"What can I say?" Amazia sighs. "There is something screwed up in their genes. There is a local manager here and I am supposed to be his adviser. The problem is that he doesn't have a clue. He comes here sometimes and does - I don't know what he does. In fact, he doesn't show up anymore. If we leave, the whole thing will collapse. It's hard for them to accept responsibility or to understand what is important and what is not important."
Doesn't the dependence on the Israelis create a somewhat tragic situation if they want to be independent?
Amazia: "In my opinion, there is no problem here. There are countries in Latin America that have national pride, but here they are aware of their dependence on us, the whites, and they don't want you to leave. They tell me so."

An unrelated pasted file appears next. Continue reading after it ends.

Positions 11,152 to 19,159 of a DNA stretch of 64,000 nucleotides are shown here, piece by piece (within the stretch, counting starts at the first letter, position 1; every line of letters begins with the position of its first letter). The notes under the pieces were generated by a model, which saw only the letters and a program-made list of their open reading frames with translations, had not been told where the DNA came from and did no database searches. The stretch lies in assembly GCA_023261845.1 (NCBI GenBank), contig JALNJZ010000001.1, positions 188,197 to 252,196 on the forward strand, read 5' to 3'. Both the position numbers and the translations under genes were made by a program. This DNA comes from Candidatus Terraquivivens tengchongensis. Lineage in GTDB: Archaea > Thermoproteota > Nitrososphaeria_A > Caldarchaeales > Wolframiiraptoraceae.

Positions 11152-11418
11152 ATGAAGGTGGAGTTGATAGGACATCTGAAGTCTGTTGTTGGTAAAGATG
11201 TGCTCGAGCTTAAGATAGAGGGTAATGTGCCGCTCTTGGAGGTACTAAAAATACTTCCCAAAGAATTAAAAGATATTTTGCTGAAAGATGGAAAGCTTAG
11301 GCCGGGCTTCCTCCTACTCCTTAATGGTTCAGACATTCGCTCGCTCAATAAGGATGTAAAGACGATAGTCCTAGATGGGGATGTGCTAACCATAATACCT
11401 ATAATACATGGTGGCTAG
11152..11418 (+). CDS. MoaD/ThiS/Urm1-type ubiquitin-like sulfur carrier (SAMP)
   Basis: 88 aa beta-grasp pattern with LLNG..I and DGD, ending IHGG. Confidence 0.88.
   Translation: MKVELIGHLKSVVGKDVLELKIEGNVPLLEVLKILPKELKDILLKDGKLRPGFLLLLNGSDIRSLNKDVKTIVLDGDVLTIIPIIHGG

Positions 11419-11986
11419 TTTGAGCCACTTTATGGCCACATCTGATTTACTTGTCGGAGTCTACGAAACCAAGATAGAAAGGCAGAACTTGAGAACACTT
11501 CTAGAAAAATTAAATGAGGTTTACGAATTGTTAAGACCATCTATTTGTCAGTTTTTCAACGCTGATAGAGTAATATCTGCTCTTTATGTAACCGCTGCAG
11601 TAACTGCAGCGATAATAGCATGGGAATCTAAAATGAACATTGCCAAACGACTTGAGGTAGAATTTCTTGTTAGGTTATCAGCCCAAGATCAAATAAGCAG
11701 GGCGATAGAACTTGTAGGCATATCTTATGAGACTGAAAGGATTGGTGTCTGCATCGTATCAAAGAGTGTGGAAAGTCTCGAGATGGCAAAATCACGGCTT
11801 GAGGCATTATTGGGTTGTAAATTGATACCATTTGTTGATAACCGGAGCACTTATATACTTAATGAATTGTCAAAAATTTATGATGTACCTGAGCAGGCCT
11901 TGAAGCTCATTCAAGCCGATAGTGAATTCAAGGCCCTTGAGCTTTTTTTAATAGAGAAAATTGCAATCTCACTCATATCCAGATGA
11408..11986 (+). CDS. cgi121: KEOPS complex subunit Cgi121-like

Many of the Israelis complain about the local residents' laziness, about their refusal to learn, and believe that the moment the Israeli company pulls out the entire project will crumble. Yossi (not his real name), who is helping residents to manage poultry farms, shares these feelings. Despite his best efforts of persuasion, he laments, in the morning the poultry breeders do not lift the curtains that cover the coops at night.
Their dependence on the whites will not abate soon, Yossi predicts: "I don't think they see us as ra'isim [Arabic for "bosses"] or as the white man who has come to rule them. After all, we came to help them. The problem is that they don't really want that help. They are lazy, a lazy nation. It's a war of attrition - it means explaining things time and again, and if they don't get it, you have to get angry and shout at them and punish them if necessary."